Felix Baumgartner Red Bull Stratos Mission Delayed, When Will The Live Space Jump Happen?

 @nadinedeninnon.deninno@ibtimes.com
on October 09 2012 10:25 AM

UPDATE (1:35 p.m. ET): Felix Baumgartner was put in the capsule at 1:30 p.m. ET in preparation for the launch at 1:35 p.m. 

Plans for Felix Baumgartner’s record-breaking space jump Tuesday have been delayed. The space jump, sponsored by Red Bull Stratos, is on hold due to concerns about the weather.

Baumgartner's jump, which was expected to break the world record for the highest skydive as well as break the sound barrier, has been delayed from a scheduled launch time of 7 a.m. in Roswell, N.M.

Mission meteorologist Don Day said the winds closer to the ground were one to two miles per hour, but the winds were up to 20 miles per hour in the stratosphere.

"We need 3 mph or less at 800 feet," Day said, adding that chances of the dive happening today were "50-50."

Red Bull, which is sponsoring the jump, said the team can wait until 11:30 a.m. ET for the winds to die down to three miles per hour. The capsule can launch as late as 2 p.m. ET.

"We are going to stick it out for another couple of hours," Day said. "We've got everyone here. We are going to wait and see if we can take advantage of it.”

Day said if the launch does not happen on Tuesday, it will likely shift to Thursday.

The Red Bull Stratos website, in addition to a live stream, also has a live status blog update for the launch. By 10 a.m. ET, an alert said wind speeds were not optimal for the launch.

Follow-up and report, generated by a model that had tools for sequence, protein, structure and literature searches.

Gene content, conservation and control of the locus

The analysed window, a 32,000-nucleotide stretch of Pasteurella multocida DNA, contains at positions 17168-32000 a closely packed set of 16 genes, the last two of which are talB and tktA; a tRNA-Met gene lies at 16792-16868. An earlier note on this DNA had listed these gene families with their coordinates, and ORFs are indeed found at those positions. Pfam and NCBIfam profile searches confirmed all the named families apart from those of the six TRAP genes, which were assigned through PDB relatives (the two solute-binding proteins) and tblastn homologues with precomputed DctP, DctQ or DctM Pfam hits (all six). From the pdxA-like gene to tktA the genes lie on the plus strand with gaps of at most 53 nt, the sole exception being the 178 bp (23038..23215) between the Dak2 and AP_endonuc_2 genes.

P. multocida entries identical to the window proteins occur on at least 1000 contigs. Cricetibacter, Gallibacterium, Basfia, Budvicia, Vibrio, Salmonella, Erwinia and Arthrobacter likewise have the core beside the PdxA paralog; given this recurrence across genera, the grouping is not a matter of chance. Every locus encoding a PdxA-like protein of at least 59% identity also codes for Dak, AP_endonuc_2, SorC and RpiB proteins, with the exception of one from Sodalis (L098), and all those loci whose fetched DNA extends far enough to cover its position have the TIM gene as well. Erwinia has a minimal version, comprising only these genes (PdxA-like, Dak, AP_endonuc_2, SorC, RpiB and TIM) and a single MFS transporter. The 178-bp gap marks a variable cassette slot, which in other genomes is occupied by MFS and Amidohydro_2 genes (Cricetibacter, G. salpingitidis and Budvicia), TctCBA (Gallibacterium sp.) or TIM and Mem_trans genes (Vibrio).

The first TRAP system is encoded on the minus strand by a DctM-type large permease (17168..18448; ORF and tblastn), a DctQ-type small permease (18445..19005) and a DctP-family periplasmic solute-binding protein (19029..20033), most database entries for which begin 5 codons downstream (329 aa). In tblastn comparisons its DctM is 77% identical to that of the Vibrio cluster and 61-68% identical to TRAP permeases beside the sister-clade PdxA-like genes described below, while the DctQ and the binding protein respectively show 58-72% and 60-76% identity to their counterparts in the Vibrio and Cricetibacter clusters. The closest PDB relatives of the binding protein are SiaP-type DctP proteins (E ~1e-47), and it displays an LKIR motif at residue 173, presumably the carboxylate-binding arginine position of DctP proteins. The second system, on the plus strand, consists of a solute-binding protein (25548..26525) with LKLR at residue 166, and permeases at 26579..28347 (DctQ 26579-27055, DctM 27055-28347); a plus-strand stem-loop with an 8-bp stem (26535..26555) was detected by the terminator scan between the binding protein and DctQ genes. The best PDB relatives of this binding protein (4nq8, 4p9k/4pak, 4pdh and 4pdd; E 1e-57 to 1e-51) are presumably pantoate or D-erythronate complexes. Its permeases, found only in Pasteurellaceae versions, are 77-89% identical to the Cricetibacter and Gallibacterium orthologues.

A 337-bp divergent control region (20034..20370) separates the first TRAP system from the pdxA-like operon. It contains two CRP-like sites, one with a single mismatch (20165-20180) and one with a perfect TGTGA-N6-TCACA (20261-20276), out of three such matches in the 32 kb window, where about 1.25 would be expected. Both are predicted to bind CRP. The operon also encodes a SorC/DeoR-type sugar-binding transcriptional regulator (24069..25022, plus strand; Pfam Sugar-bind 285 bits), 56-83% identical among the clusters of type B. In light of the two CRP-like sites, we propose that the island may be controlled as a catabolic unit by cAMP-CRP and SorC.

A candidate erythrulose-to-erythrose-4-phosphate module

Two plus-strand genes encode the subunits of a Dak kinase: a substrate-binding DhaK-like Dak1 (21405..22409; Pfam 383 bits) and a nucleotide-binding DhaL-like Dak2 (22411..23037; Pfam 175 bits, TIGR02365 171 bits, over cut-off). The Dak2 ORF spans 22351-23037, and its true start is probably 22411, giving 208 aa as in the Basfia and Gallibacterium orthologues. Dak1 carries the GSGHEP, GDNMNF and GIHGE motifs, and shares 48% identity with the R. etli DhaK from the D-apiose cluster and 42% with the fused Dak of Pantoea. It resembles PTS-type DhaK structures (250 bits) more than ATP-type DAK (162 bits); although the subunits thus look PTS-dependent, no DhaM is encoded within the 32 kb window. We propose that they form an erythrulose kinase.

Baumgartner, 43, will attempt to break the record for the highest free-fall jump to the Earth at 120,000 feet, or nearly 23 miles, up in the air. If successful, Baumgartner will also break the sound barrier before landing in New Mexico wearing nothing but a space suit and helmet.

Before the jump, Baumgartner will ascend in a capsule in a helium balloon to the edge of space at 120,000 feet above ground. Then, “Fearless Felix,” as he has been nicknamed, will plunge toward Earth at speeds over 700 miles per hour. The first 115,000 feet, Baumgartner said, will hurtle by in five minutes. The remaining 5,000 feet will take another five minutes with the help of his parachute.

"I practiced this for so many years, and now, we are almost there, so this is my biggest dream," he said.

The only dangers that “Fearless Felix” face revolve around his suit, which if the pressure fails, could cause his lungs to burst and boil his blood due to rapid changes in the atomospheric pressures and temperatures in space. The extreme cold, uncontrolled spins, chute or life-support system failure pose also pose threats to the daredevil's life.

If Baumgartner succeeds, however, he will shatter several records, becoming the first person to break the speed of sound barrier in a free-fall dive from an altitude of 120,000 feet and embark on the longest free-fall at an estimated five minutes and 35 seconds.

 

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